the way of those upon whom Thou hast bestowed Thy
not of those who have been condemned [by
Thee], nor of those who go astray!4
It is customary to say “Âmîn” or “Amen” at the end of this sûrah.
I.e., by vouchsafing to them prophetic guidance and enabling them to avail themselves thereof.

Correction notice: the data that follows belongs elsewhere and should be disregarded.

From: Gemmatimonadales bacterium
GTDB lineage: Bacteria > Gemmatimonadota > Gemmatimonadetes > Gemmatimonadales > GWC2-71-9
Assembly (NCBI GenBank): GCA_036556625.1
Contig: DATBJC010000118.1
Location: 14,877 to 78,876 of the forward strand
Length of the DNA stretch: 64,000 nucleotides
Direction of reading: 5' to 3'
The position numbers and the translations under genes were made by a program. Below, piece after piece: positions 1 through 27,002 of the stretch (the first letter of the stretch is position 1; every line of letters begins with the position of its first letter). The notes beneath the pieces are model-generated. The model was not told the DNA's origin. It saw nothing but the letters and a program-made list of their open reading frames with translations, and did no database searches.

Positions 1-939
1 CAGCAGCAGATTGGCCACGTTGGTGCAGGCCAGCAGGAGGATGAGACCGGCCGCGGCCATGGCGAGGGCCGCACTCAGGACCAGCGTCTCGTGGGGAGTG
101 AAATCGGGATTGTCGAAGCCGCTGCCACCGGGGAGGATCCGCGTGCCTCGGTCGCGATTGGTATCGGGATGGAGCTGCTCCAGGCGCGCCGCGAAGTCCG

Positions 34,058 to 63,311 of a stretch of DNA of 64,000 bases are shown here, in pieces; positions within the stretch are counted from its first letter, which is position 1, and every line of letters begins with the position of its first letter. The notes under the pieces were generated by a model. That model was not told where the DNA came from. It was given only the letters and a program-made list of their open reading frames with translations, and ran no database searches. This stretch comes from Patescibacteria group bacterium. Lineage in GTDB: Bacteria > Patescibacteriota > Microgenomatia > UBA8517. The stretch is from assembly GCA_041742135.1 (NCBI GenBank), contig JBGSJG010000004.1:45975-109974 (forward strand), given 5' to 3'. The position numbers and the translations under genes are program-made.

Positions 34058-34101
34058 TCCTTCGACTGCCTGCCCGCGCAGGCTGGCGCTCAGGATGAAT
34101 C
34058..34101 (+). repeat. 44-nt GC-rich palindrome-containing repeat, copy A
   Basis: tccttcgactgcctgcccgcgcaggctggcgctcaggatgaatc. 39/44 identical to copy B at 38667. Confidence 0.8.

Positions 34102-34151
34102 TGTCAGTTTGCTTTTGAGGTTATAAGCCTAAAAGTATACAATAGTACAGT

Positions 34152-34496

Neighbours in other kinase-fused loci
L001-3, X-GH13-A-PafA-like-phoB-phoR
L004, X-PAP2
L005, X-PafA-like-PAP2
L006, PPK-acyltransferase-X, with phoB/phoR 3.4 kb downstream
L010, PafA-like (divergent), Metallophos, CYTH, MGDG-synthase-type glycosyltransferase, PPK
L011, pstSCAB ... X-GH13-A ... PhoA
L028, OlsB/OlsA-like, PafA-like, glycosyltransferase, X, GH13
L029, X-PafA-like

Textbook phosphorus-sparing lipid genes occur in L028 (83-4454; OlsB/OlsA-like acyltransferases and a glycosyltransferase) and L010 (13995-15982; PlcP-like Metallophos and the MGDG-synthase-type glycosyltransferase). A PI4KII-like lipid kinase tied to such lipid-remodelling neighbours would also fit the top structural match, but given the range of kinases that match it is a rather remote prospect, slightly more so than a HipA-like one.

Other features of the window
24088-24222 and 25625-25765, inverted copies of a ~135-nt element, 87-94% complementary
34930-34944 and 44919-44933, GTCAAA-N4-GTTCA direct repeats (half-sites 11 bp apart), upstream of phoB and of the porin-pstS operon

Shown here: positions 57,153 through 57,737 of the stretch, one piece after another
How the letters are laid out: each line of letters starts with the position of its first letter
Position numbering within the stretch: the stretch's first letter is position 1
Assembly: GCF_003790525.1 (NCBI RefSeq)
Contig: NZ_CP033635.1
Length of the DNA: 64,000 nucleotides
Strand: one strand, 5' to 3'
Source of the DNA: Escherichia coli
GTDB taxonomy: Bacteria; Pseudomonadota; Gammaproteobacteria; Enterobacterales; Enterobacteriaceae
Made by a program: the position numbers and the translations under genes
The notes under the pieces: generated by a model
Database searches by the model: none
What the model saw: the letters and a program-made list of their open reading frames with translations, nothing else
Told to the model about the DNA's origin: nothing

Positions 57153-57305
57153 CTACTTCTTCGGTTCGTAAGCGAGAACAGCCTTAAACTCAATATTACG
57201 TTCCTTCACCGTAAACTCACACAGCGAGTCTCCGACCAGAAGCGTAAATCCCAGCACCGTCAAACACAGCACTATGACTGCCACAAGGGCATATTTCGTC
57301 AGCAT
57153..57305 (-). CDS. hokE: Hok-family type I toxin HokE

According to almost all the commentators, God's "condemnation" (ghadab, lit., "wrath") is synonymous with the evil consequences which man brings upon himself by wilfully rejecting God's guidance and acting contrary to His injunctions. Some commentators (e.g., Zamakhshari) interpret this passage as follows: "...the way of those upon whom Thou hast bestowed Thy blessings - those who have not been condemned [by Thee], and who do not go astray": in other words, they regard the last two expressions as defining "those upon whom Thou hast bestowed Thy blessings". Other commentators (e.g., Baghawi and Ibn Kathir) do not subscribe to this interpretation - which would imply the use of negative definitions - and understand the last verse of the surah in the manner rendered by me above. As regards the two categories of people following a wrong course, some of the greatest Islamic thinkers (e.g., Al-Ghazali or, in recent times, Muhammad 'Abduh) held the view that the people described as having incurred "God's condemnation" - that is, having deprived themselves of His grace - are those who have become fully cognizant of God's message and, having understood it, have rejected it; while by "those who go astray" are meant people whom the truth has either not reached at all, or to whom it has come in so garbled and corrupted a form as to make it difficult for them to recognize it as the truth (see 'Abduh in Manar I, 68 ff.).